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--> Figure 1-1. The increasing trends—based on catastrophes that caused losses between $10 million and $100 million—for five-year periods of the number of catastrophes, the amount of loss from these catastrophes, and the U.S. population (Changnon et al., 1997). Why Loss Estimates Matter Who should care about disaster loss estimates, and why? There are several reasons which matter to different constituencies. The federal government has a strong interest, on behalf of taxpayers, in accurate and comprehensive direct loss data. Largely through the Federal Emergency Management Agency, but also through several other agencies, the federal government covers a substantial portion of disaster-induced losses that are suffered by local and state governments, as well as by individuals and businesses, that are otherwise privately uninsured. Figures 1-2 and 1-3 provide data on federal government payouts from 1988 to 1997 and 1986 to 1997. As these figures demonstrate, FEMA provides only part of the federal disaster assistance effort. Other key federal agencies with disaster assistance programs include the Small Business Administration (SBA), U.S. Department of Agriculture (USDA), U.S. Department of Transportation (DOT), U.S. Department of Interior (DOI), U.S. Army Corps of Engineers (USACE),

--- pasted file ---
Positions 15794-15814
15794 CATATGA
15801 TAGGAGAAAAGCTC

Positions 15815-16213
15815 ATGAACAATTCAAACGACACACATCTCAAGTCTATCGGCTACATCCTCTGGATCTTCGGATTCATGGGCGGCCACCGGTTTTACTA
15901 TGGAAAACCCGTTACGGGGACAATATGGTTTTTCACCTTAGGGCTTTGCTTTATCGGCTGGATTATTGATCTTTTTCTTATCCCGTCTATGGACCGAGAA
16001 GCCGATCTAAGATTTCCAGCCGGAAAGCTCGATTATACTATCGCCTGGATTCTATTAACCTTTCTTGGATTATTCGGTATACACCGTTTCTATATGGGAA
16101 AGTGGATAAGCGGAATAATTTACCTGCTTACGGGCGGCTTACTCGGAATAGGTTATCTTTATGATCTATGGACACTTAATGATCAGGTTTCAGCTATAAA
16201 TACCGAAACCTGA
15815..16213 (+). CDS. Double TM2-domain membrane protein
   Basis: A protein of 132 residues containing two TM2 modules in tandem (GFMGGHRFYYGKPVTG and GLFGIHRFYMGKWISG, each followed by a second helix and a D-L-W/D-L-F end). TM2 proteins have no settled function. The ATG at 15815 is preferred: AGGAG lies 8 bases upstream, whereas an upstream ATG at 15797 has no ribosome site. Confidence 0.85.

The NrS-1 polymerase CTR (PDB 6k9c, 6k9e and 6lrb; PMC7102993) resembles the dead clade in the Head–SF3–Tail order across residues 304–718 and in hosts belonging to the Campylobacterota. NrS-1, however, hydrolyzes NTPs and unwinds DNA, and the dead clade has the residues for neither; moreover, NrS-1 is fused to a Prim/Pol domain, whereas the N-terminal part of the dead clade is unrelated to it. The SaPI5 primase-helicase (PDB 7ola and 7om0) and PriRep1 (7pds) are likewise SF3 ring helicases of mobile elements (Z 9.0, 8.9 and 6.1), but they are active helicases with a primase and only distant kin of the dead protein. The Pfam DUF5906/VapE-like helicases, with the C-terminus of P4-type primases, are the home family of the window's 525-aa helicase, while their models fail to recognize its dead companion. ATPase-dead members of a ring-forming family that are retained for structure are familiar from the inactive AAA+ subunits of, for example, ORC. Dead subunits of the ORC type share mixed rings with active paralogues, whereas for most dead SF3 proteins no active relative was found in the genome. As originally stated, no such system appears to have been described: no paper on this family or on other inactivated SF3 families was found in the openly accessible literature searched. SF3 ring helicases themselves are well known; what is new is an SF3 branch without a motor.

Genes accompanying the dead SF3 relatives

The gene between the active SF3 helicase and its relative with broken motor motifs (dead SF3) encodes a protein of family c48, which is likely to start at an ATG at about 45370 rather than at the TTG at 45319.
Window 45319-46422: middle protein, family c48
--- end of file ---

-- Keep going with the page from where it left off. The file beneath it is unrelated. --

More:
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--> Department of Health and Human Services (HHS), National Weather Service (NWS), Department of Energy (DOE), and Department of Labor (DOL). 2 Although extreme geophysical events cannot be avoided, their impacts can be reduced by government policies, or hazard mitigation initiatives such as reinforcing structures to enable them to better withstand the shock of an earthquake, elevating structures to reduce flood damages, land use planning to decrease structural exposures to natural hazards, and other measures. Because mitigation can be costly, however, it is important for policymakers at all levels of government also to be aware of the total losses of disasters—and ideally of the extent to which those losses can be reduced by various mitigation strategies—so that cost-effective mitigation strategies can be designed and implemented. 3 The same is also true for the private sector, where cost-effective mitigation measures can and should be used to reduce losses in future disasters. Figure 1-2. Major federal disaster assistance programs (Rhinesmith, 1997). 2 For a list of the most costly disasters (to FEMA), see Table 1-3. 3 For a recent discussion of various mitigation techniques, see FEMA, 1997. In pursuing mitigation, policymakers should take account not only of the direct costs that such measures may avoid but also of the total disaster-related losses—that is, the claims paid by private insurers and government plus the uninsured losses that victims of disasters suffer (including, to the extent practicable, estimates of the indirect losses, which are discussed in Chapter 3)—that may be prevented.